The shriek was amplified in the narrow space and bounced through and around my body with such volume it hurt. But, I didn’t forget to raise my left leg and even though it felt like the air itself resisted I brought down my next foot and kept walking, it felt like a river pouring through the tunnel was sluicing around me, the current pushing me back two-steps for every one I managed forward, the shrieking echo continued vibrating around me carrying on and on, far longer than it should have. My head was bursting, it felt like swimming and desperate to reach the surface for air, but for a single moment of clarity, I swear I heard another note in that scream. A note of frustration.  

I kept walking, with a mantra filling my head “right foot, left foot, right foot..” 

Hot liquid trickled down my face in thick rivulets, 

“Sweat,” I prayed to myself, “it’s just sweat.” 

I kept my hand slithering over the mucus and lumpy surface that was, I kept telling myself just the wet moss-covered wall, 

“It is moss, it’s not skin, that thumping pulsing feeling is my own heart, if I follow the wall, I won’t fall, if I follow the wall the tunnel will curve and then I’ll be free from this place.” 

I pant and wheeze like the air is up on a mountain top but I feel the wet humidity in my lungs. 

When I saw light, it wasn’t dazzling, not glorious sunlight pouring in but even with the moonlight, I saw the slowly growing arch shape of the exit. I think I said something I don’t know what, but a chorus of echoes flowed back and around me like dogs, like chittering insects, I heard them all daring me to turn, daring me to look. I didn’t. I was fixated on that pale shoddy moonlight up ahead and with each step, I found the current lessen. Each footfall seemed to tear me loose from clawing unseen fingertips. I Didn’t run. Couldn’t run.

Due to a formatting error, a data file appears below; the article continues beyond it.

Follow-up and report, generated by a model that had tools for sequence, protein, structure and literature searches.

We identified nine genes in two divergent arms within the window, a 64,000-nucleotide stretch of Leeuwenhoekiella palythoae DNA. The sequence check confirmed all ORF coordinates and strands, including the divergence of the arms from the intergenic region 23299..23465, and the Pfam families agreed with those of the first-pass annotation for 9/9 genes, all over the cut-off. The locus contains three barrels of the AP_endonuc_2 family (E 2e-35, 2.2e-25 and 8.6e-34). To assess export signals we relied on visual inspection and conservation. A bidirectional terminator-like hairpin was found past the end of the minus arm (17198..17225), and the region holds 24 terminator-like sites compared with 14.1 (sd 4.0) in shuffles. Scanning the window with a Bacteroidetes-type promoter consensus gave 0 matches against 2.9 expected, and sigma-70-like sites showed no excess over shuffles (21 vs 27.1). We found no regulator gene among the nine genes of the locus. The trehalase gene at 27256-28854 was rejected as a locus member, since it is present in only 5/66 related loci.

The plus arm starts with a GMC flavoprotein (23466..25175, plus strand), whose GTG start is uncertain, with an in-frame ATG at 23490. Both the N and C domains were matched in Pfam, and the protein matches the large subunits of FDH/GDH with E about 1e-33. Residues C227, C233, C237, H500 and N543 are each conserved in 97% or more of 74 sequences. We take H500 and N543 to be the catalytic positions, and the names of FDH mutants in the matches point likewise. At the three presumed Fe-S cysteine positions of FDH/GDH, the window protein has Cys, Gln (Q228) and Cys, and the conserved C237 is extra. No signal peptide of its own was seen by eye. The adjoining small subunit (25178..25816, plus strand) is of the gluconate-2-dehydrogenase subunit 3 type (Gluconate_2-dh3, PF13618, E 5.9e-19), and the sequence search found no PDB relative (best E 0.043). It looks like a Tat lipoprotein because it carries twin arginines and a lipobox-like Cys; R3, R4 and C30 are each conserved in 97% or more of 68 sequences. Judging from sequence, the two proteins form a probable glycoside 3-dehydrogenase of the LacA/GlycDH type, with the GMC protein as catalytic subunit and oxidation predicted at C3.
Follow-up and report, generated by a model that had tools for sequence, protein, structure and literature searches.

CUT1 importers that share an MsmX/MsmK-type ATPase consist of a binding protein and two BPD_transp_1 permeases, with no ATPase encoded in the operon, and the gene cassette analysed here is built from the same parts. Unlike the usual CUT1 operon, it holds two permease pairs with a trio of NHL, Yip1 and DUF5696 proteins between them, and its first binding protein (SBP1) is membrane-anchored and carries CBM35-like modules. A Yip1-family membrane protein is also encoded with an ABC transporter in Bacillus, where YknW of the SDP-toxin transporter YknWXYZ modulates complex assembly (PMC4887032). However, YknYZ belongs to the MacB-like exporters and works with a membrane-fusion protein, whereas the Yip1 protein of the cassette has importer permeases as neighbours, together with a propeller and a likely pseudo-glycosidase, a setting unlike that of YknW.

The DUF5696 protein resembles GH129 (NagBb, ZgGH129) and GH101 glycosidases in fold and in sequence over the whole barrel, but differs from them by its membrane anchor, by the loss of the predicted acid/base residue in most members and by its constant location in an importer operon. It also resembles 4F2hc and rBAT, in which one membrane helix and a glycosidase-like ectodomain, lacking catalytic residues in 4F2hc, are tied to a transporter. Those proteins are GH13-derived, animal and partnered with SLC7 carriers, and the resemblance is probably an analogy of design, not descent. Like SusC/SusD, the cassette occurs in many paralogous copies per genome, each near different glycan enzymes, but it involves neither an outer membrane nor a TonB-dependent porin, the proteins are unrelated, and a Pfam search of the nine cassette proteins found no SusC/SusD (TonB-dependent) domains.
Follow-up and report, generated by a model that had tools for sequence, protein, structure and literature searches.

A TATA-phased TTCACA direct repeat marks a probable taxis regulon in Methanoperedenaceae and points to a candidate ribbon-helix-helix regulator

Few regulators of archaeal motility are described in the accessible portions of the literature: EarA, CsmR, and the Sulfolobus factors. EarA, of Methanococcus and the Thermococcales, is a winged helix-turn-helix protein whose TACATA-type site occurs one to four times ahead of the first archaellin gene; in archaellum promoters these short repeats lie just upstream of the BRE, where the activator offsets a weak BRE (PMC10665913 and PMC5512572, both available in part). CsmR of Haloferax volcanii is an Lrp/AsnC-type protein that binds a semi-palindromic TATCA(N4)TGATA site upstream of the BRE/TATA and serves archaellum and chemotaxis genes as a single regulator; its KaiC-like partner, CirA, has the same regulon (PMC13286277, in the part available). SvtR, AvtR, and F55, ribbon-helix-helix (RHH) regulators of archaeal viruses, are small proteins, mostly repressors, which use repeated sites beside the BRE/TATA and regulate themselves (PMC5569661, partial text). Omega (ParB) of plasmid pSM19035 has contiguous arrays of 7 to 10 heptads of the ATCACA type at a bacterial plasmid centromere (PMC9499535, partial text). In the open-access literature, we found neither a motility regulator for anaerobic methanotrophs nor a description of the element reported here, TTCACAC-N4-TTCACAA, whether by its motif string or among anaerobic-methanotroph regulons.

I breached the void and burst from the tunnel into the trail beyond like a trembling newborn, and all the echoes seem to cut off as one as I stepped on to that path. The silence was so profound and the pressure so suddenly lifted that I yelled out in savage agony and release, more of a roar. Trembling, heart weak and fluttering, sweat drenching my clothes and hair I moved like I’d run a marathon. I still didn’t look back. I was sure that hillside, that thing was still there. But I knew with each step I was pulling free, each step took me out of danger. Out of that hunting ground. 

I was a few meters down the path from the tunnel, my body finally felt like my own when I heard the sound and my blood froze, I could almost have dismissed this whole event to alcohol-fueled imagination and childish terror but for that sound, it was distinct, clear and not my imagination, a growl, low and deep, deeper than reason, like all the rocks in the hill were grinding together so I could hear its frustration. I didn’t look back. I kept walking. 

I don’t really remember the rest of my walk, I do know it started to rain and I got home soaked and shivering. I remember closing and locking the door pulling the bolt across the threshold so hard I worried I’d woken my parents on the other side of our home. I didn’t go to bed, I didn’t leave the door, I just slid down my back against the reassuring wood, breathing in the scent of home. 

I never ever went near that part of the trail again, day or night. I still on occasion when reading a book, watching TV or relaxing at home feel a prickling sense of what I felt out there. Like a lingering afterimage watching me from somewhere. I ignore it as best I can. I dismiss the feelings, the memories, the growl. “It’s crazy,” the rational me protests “it’s just a fucking tunnel!” 

But… I also keep an eye on the news and while it’s probably nothing I notice the number of people who go missing locally during clear moonlit nights, tear streaming families asking for information, search parties struggling to find anything, I see the shadows cast behind every street lamp, I trust my instincts, I stay far from those woods and I still sleep with the lights on.